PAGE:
Manchester attack: Payout 'insult' for Saffie Roussos parents
The parents of the youngest person to die in the Manchester Arena bombing said the government's £11,000 compensation offer was a "complete insult".
Saffie Roussos, eight, was among 22 people killed at a May 2017 concert.
Lisa and Andrew Roussos are launching a charity to help support families affected by terror attacks.
A Ministry of Justice spokesman said: "No amount of money can compensate for the loss of a loved one."
Saffie, from Leyland, Lancashire, was at the concert with her mother, Lisa, and sister, Ashlee Bromwich, when Salman Abedi detonated a device on 22 May.
Mrs Roussos recalled holding her daughter's hand outside the Ariana Grande concert before hitting the floor "with a thud".
She spent six weeks in a coma and only learned of Saffie's death from her husband when she regained consciousness.
"I remember thinking 'why has he not mentioned Saffie?'," said Mrs Roussos, in her first broadcast interview.
"I just knew. "I said 'she's gone isn't she?'."
Mrs Roussos learned to walk again but suffers from nerve damage and numbness in her hand.
She said she expected to feel "emotional" when she takes part in the Great Manchester Run on Sunday to launch charity MCR 22 alongside medics who helped her recovery.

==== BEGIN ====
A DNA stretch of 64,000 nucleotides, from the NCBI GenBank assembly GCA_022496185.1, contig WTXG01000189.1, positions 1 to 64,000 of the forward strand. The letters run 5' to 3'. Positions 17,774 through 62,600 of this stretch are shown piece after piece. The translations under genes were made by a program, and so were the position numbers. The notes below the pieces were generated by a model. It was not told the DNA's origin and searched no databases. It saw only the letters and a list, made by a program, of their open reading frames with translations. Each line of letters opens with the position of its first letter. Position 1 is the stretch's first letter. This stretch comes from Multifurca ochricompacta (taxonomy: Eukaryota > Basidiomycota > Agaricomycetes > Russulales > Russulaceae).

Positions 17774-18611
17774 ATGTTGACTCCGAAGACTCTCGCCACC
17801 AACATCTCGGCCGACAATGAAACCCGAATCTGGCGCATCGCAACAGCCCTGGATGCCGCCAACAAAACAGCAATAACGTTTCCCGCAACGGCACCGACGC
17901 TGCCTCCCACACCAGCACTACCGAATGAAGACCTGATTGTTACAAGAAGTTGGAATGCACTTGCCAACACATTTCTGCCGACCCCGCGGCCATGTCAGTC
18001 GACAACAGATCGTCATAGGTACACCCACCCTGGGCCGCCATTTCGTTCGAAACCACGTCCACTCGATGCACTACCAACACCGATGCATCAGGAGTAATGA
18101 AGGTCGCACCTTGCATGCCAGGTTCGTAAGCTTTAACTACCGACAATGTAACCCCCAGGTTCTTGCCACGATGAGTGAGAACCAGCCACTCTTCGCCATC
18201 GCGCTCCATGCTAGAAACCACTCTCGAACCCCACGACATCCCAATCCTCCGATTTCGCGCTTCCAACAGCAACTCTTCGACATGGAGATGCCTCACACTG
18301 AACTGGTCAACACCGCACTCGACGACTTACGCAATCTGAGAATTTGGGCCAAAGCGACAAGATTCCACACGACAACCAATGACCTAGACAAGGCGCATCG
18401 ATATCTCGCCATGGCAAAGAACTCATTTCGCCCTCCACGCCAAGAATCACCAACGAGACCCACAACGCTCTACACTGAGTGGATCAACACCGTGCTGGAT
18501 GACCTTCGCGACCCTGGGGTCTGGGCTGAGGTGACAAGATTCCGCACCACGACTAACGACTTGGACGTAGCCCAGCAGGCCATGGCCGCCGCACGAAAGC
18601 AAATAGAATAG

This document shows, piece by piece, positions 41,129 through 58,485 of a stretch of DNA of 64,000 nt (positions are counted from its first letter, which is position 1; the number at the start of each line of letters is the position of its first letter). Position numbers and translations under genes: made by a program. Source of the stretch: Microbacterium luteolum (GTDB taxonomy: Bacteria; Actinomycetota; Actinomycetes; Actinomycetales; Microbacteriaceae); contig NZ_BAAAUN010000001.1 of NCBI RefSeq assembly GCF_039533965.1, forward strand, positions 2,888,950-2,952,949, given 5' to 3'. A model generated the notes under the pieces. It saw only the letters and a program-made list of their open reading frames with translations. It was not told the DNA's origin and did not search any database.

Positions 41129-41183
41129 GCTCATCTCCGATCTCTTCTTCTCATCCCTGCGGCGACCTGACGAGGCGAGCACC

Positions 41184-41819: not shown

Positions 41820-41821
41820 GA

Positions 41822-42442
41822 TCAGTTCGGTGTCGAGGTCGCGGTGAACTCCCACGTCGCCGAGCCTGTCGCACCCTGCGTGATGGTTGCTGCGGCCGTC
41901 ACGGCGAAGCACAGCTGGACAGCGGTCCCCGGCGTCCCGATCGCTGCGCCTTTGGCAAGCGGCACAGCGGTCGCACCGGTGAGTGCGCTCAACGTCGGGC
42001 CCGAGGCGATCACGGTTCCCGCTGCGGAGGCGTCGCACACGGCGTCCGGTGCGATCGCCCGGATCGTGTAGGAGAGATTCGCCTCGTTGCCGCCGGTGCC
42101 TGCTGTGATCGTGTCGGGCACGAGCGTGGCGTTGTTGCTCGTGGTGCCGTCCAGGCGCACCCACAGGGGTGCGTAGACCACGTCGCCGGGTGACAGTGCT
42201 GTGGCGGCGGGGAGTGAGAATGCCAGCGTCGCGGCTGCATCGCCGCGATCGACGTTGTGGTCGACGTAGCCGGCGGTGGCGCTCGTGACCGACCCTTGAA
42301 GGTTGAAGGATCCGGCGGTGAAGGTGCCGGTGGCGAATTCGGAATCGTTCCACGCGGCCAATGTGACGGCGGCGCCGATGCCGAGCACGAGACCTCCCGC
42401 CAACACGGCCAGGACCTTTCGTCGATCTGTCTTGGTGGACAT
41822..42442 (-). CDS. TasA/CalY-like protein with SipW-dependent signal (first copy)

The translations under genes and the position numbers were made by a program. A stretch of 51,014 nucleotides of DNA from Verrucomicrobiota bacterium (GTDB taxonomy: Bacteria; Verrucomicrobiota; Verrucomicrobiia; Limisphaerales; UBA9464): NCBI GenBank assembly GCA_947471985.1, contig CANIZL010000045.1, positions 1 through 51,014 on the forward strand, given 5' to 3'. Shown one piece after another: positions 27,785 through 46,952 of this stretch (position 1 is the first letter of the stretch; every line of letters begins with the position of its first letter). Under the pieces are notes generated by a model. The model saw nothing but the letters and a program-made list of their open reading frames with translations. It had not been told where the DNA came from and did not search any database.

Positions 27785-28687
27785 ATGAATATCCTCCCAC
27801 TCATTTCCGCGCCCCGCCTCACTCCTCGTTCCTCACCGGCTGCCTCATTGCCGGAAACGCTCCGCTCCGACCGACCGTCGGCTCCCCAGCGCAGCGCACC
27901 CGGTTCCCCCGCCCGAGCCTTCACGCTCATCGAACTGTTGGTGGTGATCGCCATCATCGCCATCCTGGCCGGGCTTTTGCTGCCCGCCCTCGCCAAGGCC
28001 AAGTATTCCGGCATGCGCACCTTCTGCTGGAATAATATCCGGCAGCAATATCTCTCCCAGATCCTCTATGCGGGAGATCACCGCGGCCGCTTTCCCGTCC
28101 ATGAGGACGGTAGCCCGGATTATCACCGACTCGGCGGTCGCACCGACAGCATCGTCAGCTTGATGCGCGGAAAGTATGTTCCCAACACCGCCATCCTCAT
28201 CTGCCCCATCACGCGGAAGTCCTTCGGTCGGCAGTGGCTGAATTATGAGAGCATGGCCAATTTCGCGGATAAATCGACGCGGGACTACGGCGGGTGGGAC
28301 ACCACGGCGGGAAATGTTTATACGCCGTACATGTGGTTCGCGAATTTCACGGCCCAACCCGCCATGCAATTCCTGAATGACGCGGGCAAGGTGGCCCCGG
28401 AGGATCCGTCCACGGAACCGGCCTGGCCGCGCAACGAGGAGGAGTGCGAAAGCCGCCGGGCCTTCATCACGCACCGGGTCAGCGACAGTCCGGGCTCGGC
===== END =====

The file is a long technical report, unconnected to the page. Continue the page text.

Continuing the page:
Despite feeling "let down" by the government's offer of £5,500 each to her and her husband, Mrs Roussos said the launch of the charity would mean that "something good has come out of something so awful".
Saffie's parents said time had made no difference to their grief, with Mr Roussos adding they felt "like we're stuck in 2017".
He said: "The charity needs to be there to help victims of terrorism. There's no help."
The Ministry of Justice said more than £1m had been paid to hundreds of victims plus a further £211,300 in interim payments.
A review of the Criminal Injuries Compensation Scheme is due to report this year.
Memorial designs sought
Ideas are being sought for a permanent memorial to honour the victims of the Manchester Arena bombing.
A memorial is earmarked for a public space near Manchester Cathedral, close to the scene of the attack.
Applications have opened for designers to submit ideas for the "focal point" of the space.